Has Charles Dickens shaped our perception of climate change?

Note: This essay originally appeared last January on The Air Vent. Given our current winter, it as just as prescient now as it was then, so I’m reposting it here. Thanks to Verity Jones and Charles the Moderator for bringing it to my attention – Anthony

Guest post by Tony Brown

Charles Dickens. Victorian winters. A Christmas Carol. Ice fairs on the Frozen Thames. Cold Cold Cold Cold Cold. Dickens has irrevocably moulded the climate views of generations of Anglo Saxon peoples as TV, Films and plays all promote his image of icy winters in that era. Is this view of Dickens winters correct? We take a look at his life through the prism of climate.

Charles Dickens was born in Portsmouth England on Feb 7th 1812.

1812 overall was a very cold year in the UK -the early part of the winter was especially bitter over Europe, marked by Napoleons retreat from Moscow, as illustrated in this painting by Adolph Northen.

http://wapedia.mobi/en/Napoleon’s_invasion_of_Russia

“The air itself,” wrote a French colonel, “was thick with tiny icicles which sparkled in the sun but cut one’s face drawing blood.” Another Frenchman recalled that “it frequently happened that the ice would seal my eyelids shut.” Prince Wilhelm of Baden, one of Napoleon’s commanders, gave the order to march on the morning of Dec. 7, only to discover that “the last drummer boy had frozen to death.”

(http://www.washingtonpost.com/wp-dyn/articles/A44099-2004Aug5.html )

Napoleons’ Grand Armee of 600,000 was reduced to 200,000 by bitter weather and war, in an event of such significance that it inspired Tchaikovsky’s 1812 overture whilst Leo Tolstoy put the 1812 campaign at the heart of his novel War and Peace,

Back in Britain, during 1812 the Dickens Family moved to Hawk Street, Portsmouth. And in 1813 to Southsea (adjacent) 1814: Brother Alfred born and died September.

In 1814 the River Thames froze over and the last ever frost fair was held. This was partly through changing weather conditions, but also because the nature of the river was altered when the old London Bridge was demolished and river flow increased

During that cold February in 1814 London experienced the hardest frost it had known in centuries. Though the fair lasted for only four days it was made memorable by an elephant, which was led across the river below Blackfriars Bridge. The print below shows how raucous some of the festivities became. The winter of 1813/14 was 4th coldest in the Central England Temperature record (which commenced 1660) at 0.43C

 

Your browser may not support display of this image.

http://janeaustensworld.wordpress.com/2009/01/16/the-last-frost-fair-on-the-thames-river/

The first frost fair was held in 1608. The most famous -lasting several months- was in 1684 (much the coldest year in CET at -1.17C) The link below leads to a promotional poster of that event.

http://www.she-philosopher.com/gallery/frostfair.html

1815: Family move to St Pancras London as John Dickens (father) is posted back by Navy. 1816: Sister Letitia born.

1816 was known as the year without a summer, snow fell very late and the summer never recovered. The winter proceeding it was severe. A volcanic eruption (Tambora: East Indies) disrupted wind patterns and temperatures greatly, affecting depressions, which tracked further south than usual, making the UK very cold and wet for the summer and beyond. In September the Thames had frozen and snow drifts remained on hills until late July.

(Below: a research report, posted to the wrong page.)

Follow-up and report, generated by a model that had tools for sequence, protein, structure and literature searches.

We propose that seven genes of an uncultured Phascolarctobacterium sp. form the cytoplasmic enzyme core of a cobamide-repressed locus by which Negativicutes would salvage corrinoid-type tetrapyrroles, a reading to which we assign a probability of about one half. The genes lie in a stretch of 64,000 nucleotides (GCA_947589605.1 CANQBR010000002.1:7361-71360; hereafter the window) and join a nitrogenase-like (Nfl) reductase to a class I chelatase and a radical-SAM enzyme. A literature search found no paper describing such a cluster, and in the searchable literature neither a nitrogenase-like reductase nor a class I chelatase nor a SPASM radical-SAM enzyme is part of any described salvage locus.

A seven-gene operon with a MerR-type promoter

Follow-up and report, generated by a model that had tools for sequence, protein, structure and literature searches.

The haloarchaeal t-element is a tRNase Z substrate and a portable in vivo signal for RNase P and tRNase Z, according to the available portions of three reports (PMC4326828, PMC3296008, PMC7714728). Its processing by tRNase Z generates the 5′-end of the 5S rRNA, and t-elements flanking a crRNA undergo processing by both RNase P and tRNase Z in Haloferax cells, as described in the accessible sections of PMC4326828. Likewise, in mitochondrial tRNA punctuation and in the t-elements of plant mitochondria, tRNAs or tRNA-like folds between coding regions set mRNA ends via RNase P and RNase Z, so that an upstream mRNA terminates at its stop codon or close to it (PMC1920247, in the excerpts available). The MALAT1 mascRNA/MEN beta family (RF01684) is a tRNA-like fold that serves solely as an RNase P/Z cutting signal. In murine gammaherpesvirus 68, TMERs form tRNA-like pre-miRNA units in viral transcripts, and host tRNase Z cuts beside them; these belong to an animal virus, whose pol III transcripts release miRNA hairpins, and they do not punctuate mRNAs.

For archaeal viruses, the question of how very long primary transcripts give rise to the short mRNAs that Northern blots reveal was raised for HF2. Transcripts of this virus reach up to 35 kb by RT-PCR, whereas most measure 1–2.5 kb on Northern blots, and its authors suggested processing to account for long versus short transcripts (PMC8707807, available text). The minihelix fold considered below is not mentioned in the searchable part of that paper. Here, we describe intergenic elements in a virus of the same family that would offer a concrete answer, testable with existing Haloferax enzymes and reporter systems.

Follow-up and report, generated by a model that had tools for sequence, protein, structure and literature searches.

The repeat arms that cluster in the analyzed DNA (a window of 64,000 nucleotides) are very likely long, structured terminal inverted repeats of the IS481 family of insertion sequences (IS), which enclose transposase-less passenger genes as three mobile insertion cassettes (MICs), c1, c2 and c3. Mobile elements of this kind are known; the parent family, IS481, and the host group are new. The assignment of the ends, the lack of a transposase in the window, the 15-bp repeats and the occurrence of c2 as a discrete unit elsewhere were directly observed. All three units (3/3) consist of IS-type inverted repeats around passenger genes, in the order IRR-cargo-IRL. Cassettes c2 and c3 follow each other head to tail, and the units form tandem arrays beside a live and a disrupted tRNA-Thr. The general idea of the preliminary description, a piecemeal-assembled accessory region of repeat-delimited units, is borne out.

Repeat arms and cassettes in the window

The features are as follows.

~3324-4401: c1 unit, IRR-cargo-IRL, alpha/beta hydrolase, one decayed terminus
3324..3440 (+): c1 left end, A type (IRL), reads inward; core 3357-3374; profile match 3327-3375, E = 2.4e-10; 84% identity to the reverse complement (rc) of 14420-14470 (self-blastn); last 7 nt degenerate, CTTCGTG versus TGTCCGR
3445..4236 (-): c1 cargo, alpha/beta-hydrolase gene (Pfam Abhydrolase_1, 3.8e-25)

1817: John Dickens is posted first to Sheerness then Chatham Dockyard in Kent. Family move to Chatham. 1819: Sister Harriet born.

1819-20: Severe winter. -23c was recorded at Tunbridge Wells. This was the 21st coldest winter in CET at 1.43C 1820: Brother Frederick born.

Decadal CET average 1810-1819 8.798C. The coldest decade since 1690-1699. Charles Dickens experienced six white London Christmases in the first nine years of his life. Truly his formative years were especially cold and signified a return to the Little Ice Age conditions which had been somewhat mitigated in previous decades.

1821: Dickens begins school. 1821: Late May saw snow in London, probably the latest snowfall there until 2nd June 1975. 1822: John Dickens recalled to London. Settle at Camden Town.

In his book ‘Climate History and the Modern world’ Hubert Lamb wrote of 1821/2 (and 1845/6) ‘The warm water of the Gulf stream spread itself beyond its usual bounds to the coast of Europe.’ This winter was the 16th warmest in the CET record at 5.80C.

The overall CET for the year was 10.05C the warmest for over 40 years.

1822-23: Severe winter, ice on the Thames by late December. February 8th saw a great snowstorm in Northern England. People had to tunnel through the snow.
1823 27th coldest winter in CET at 1.53C

1823: Family moves to 4 Gower Street North. Mrs. Dickens attempts to start a school without success. 1824: Dickens sent to work at Warren’s Blacking Factory. Father arrested for debt and sent to Marshalsea Debtors Prison where he is joined by wife and younger children. Charles lodges with family friends and spends a terrible year working at Warren’s Blacking, a shoe polish factory.

1825: Father retires from Navy, receives an Admiralty pension and Charles is sent to school-previously he had a very limited formal education

1825: Snow fell in October in London. A very windy time, with gales doing damage.
1826: Another warm year at 10.07C mean average
1827: Family evicted for non-payment of rates. Dickens goes to work at Ellis and Blackmore’s Solicitors then Charles Molloy’s Solicitors. Birth of Brother Augustus.

1828: Father works as a reporter for the “Daily Herald” newspaper.

1828 22nd warmest ever winter at 5.73C and also marked the warmest overall year for 45 years at 10.30C

1829: Family move to 12 Norfolk Street, Fitzroy Square. Dickens works as a freelance reporter at Doctor’s Commons.